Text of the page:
In the aftermath of a week of racial tension, a number of leaders have pointed to the need for a deeper mutual understanding between police departments and the black community in particular.
This series explores efforts to address the issue in the very places where tension has erupted into violence and anger – St. Paul, Minn., and Dallas – and why those tensions stubbornly endure.
Part 3 of a three-part series.
Longtime civic activist Yousef Mgeni can tick off from memory the many distinctions Minnesota has when it comes to race.
The state has one of the largest disparities between black and white incarceration rates in the United States. Blacks in the Minneapolis-St. Paul region have some of the highest poverty rates among the nation’s large metropolitan areas. And the Twin Cities have the largest disparity between whites and blacks in mortgage lending discrimination in the nation.
“It’s a tale of two cities,” says Mr. Mgeni, who also serves on the board of the St. Paul’s NAACP. “One of them is bright and hopeful and the other one horrific, if you’re poor or a person of color. The evidence is too thoroughly documented to debate.”
Mgeni says that the police shooting of African-American Philando Castile outside St. Paul is an example of that “horrific” reality. Mr. Castile’s death and those of other blacks killed by police officers have shined light on the disparities between blacks and whites in cities across the United States.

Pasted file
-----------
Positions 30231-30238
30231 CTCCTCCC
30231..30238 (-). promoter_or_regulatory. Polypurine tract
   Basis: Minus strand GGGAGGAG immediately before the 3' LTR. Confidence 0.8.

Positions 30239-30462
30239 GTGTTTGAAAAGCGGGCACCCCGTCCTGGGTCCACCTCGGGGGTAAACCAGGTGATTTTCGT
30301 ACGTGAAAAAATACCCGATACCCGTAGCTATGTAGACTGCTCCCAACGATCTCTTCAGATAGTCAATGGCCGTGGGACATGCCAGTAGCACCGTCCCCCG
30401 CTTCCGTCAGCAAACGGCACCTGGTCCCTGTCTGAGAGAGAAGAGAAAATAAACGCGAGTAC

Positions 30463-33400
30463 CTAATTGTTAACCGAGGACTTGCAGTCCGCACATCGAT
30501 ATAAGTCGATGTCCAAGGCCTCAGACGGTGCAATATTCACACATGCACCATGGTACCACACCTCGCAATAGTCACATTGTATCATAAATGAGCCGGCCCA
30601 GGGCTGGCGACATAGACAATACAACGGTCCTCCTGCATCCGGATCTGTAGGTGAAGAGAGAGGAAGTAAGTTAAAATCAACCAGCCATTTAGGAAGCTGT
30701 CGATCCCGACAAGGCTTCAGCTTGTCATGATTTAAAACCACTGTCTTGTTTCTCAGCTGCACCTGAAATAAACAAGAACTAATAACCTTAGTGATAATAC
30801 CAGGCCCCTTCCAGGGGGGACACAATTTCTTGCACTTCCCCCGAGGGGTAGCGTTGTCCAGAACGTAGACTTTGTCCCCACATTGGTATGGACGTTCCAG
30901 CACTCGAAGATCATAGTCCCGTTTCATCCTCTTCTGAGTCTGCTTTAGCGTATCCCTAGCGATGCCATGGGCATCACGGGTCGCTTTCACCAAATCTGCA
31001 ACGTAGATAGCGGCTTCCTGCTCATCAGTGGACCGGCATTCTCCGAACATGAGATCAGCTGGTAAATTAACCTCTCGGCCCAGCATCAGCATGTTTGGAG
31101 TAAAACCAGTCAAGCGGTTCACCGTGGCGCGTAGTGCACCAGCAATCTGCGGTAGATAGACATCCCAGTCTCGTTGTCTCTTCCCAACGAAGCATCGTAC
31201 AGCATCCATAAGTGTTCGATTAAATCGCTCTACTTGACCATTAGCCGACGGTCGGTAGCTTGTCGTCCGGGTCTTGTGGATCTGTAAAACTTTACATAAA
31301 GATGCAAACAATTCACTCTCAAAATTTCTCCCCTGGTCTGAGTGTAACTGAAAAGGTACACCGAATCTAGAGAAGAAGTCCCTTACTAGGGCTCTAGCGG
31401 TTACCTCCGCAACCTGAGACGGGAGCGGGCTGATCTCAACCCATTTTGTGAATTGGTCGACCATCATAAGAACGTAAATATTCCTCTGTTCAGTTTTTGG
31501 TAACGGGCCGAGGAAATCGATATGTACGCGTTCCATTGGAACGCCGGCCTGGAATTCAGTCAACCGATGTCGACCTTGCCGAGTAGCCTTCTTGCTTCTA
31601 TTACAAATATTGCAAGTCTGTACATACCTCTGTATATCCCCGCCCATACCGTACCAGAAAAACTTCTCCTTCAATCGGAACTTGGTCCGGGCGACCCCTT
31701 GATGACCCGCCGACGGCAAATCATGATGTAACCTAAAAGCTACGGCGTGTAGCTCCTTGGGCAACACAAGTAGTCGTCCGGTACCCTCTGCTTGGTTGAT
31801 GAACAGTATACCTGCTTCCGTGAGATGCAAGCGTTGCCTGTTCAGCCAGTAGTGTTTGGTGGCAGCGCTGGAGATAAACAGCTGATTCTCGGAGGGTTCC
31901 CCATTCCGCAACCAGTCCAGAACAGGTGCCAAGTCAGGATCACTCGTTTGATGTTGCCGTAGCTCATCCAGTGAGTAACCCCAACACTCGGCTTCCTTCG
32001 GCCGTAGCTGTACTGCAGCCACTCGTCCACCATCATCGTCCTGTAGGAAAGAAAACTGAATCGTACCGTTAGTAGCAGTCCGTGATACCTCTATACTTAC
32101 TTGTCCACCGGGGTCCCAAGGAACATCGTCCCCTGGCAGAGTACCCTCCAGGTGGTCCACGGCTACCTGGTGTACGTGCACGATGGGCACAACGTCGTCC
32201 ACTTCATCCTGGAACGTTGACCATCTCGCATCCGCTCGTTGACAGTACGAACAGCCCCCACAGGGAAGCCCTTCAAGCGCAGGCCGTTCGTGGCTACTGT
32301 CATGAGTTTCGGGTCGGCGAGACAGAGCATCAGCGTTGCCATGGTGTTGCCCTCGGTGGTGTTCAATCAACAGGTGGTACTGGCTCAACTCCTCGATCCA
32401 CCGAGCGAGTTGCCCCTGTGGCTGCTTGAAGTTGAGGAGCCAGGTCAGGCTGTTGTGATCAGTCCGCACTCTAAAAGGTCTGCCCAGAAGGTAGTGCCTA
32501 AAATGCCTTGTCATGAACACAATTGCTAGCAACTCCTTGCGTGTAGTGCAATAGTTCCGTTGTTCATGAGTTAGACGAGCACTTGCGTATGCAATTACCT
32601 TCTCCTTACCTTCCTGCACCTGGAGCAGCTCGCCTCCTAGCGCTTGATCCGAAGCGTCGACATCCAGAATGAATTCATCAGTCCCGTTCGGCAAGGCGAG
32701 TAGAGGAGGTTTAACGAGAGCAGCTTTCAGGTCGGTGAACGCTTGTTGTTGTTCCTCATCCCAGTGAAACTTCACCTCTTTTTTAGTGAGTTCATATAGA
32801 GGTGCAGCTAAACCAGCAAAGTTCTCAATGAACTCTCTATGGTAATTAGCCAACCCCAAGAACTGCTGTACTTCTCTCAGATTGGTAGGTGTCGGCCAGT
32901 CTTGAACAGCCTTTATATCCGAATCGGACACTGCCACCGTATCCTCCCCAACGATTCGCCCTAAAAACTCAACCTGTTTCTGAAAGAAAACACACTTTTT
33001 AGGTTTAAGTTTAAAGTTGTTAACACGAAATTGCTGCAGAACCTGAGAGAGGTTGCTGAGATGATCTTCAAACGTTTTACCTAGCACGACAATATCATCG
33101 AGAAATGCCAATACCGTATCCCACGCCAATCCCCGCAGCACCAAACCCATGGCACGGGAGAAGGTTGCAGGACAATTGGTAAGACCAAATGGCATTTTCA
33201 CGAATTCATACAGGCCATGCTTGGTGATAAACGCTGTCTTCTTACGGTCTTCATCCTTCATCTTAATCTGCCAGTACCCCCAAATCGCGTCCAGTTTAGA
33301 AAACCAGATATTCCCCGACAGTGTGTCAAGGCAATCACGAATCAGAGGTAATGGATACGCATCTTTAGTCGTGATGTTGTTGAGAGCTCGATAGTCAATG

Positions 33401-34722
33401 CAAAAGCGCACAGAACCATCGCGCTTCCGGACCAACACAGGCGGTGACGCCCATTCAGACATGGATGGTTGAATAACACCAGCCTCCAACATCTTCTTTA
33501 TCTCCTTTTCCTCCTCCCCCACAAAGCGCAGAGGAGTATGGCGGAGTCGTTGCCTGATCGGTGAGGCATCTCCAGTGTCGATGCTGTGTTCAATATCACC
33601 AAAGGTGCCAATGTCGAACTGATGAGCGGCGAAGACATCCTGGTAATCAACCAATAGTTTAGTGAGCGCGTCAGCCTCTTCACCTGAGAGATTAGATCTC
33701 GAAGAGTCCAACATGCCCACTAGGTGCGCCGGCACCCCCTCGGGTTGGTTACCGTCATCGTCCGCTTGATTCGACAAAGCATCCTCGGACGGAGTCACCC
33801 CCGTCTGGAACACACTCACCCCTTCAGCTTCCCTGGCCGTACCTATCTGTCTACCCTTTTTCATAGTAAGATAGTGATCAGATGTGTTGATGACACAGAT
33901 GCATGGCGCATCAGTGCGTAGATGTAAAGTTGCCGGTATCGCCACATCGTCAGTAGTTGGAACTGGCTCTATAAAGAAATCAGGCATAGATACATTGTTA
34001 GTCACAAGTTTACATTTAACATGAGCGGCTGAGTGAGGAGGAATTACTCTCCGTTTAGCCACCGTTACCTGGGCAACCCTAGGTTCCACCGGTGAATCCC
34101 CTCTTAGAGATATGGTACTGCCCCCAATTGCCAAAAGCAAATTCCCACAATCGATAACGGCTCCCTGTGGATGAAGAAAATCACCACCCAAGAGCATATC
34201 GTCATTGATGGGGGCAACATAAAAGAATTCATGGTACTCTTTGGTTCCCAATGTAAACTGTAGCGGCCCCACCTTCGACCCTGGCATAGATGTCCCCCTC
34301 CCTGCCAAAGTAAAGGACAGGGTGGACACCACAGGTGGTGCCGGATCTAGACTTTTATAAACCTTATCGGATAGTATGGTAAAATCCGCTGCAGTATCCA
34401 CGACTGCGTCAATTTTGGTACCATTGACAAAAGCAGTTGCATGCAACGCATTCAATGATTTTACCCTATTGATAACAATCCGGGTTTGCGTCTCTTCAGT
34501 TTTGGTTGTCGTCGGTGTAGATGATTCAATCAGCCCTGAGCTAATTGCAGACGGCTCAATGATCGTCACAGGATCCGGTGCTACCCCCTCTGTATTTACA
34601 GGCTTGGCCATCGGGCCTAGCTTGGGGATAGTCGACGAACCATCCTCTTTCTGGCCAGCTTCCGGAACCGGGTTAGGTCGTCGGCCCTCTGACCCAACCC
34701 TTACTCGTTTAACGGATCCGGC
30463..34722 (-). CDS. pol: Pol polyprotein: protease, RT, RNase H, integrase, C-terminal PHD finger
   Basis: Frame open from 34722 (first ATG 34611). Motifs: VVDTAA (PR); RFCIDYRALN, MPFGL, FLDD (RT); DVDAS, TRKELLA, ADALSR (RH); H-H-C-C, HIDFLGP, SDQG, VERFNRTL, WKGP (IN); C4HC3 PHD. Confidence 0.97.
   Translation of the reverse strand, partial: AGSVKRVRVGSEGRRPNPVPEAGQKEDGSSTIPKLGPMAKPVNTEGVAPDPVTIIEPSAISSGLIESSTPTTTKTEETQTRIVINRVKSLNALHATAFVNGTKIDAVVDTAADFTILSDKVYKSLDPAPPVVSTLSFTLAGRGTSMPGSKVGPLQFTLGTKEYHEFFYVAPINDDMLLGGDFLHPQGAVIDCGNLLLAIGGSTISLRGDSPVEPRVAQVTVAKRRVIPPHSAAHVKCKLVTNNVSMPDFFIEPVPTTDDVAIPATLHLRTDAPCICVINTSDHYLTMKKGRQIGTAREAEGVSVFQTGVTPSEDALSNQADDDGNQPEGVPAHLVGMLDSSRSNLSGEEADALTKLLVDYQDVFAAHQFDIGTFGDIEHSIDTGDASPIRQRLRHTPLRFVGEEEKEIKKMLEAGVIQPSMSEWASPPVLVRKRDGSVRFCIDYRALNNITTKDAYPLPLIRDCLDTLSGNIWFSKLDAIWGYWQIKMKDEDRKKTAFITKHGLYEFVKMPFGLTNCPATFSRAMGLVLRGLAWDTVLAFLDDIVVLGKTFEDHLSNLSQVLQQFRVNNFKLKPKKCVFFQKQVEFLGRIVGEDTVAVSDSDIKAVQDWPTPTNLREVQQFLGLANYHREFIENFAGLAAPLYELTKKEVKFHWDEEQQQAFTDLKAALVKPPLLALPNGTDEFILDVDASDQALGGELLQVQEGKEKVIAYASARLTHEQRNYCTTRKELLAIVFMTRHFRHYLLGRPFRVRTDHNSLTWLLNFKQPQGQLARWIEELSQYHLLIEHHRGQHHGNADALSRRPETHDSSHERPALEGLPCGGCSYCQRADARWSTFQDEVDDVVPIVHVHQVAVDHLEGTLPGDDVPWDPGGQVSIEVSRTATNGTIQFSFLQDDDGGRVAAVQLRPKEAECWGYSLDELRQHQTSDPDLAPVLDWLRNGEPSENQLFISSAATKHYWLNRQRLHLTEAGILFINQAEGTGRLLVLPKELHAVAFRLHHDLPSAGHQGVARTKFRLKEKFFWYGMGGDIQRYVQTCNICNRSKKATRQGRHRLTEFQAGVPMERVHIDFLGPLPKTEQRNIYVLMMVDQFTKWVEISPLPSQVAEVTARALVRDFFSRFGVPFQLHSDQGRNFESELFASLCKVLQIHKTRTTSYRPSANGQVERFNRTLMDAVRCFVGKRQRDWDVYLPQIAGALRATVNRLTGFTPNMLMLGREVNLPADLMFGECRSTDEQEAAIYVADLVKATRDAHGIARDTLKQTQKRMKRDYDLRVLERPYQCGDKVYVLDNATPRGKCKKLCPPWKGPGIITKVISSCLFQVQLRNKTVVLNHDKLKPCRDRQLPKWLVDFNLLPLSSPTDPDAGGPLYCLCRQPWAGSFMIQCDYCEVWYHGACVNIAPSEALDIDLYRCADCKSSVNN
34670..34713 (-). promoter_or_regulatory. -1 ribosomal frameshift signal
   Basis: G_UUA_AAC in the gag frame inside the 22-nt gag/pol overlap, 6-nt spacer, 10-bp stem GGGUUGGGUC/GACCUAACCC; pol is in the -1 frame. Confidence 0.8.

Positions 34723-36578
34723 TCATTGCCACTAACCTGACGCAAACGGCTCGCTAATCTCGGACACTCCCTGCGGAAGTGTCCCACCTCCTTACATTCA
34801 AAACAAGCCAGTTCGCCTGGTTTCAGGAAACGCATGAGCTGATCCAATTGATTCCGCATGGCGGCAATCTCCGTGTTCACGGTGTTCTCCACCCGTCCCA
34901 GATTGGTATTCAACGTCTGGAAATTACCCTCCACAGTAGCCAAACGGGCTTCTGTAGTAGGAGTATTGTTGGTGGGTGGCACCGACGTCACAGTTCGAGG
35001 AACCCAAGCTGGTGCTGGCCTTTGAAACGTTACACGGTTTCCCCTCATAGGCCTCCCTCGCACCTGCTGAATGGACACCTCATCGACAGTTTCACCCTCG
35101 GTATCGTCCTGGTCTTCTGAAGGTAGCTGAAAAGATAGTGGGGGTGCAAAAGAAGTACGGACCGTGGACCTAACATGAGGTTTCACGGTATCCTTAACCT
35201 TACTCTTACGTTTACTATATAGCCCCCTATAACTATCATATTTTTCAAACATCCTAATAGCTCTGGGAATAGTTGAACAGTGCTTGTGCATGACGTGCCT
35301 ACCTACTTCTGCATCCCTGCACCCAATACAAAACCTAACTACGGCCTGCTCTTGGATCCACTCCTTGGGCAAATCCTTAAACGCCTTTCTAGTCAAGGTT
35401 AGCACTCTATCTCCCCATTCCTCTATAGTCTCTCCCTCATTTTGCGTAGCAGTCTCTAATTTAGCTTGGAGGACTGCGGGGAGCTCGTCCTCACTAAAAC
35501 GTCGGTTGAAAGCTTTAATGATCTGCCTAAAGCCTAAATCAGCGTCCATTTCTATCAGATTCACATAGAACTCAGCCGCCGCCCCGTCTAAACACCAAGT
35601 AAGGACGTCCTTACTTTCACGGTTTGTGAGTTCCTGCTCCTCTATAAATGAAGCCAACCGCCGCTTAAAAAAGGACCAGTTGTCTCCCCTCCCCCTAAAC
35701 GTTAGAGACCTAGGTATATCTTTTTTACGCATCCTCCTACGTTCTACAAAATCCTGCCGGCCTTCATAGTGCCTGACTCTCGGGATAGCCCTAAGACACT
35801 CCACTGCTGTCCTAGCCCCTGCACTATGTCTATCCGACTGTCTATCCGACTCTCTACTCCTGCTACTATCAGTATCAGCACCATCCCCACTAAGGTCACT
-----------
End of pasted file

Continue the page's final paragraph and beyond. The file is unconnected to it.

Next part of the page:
But while both President Obama and Minnesota Gov. Mark Dayton called race a key factor in Castile’s death, less attention has been given to the role of segregation. Segregation, experts say, is a primary driver in creating these disparities and straining relations between police departments and the communities they serve. And researchers and community organizers like Mgeni say that segregation is a common denominator in many of the cities that have seen high-profile police shootings in recent years.
“You’re kind of looking at the greatest hits of segregation: Baltimore, Chicago, Minneapolis,” says Myron Orfield, director of the University of Minnesota Law School’s Institute on Metropolitan Opportunity, referring to the police killings of Freddie Gray, Laquan McDonald, and Castile. “They are places where the black and white realities are really different for people for both race and class.”
These different realities can become flashpoints when police officers living in white neighborhoods work in predominantly black neighborhoods. Mistrust goes both ways as communities and officers struggle to understand each other.
“We have a lot of African-Americans who are feeling occupied in their communities by police,” says Natalie Y. Moore, author of “The South Side: A Portrait of Chicago and American Segregation.” Chicago has seen several high-profile police shootings in recent years, including the killing of teenager Laquan McDonald on the city’s South Side.
“Segregation is the common denominator that we see in these communities,” she says. “If we’re going to effectively address race relations, we have to address our separateness.”
Twin Cities, separate lives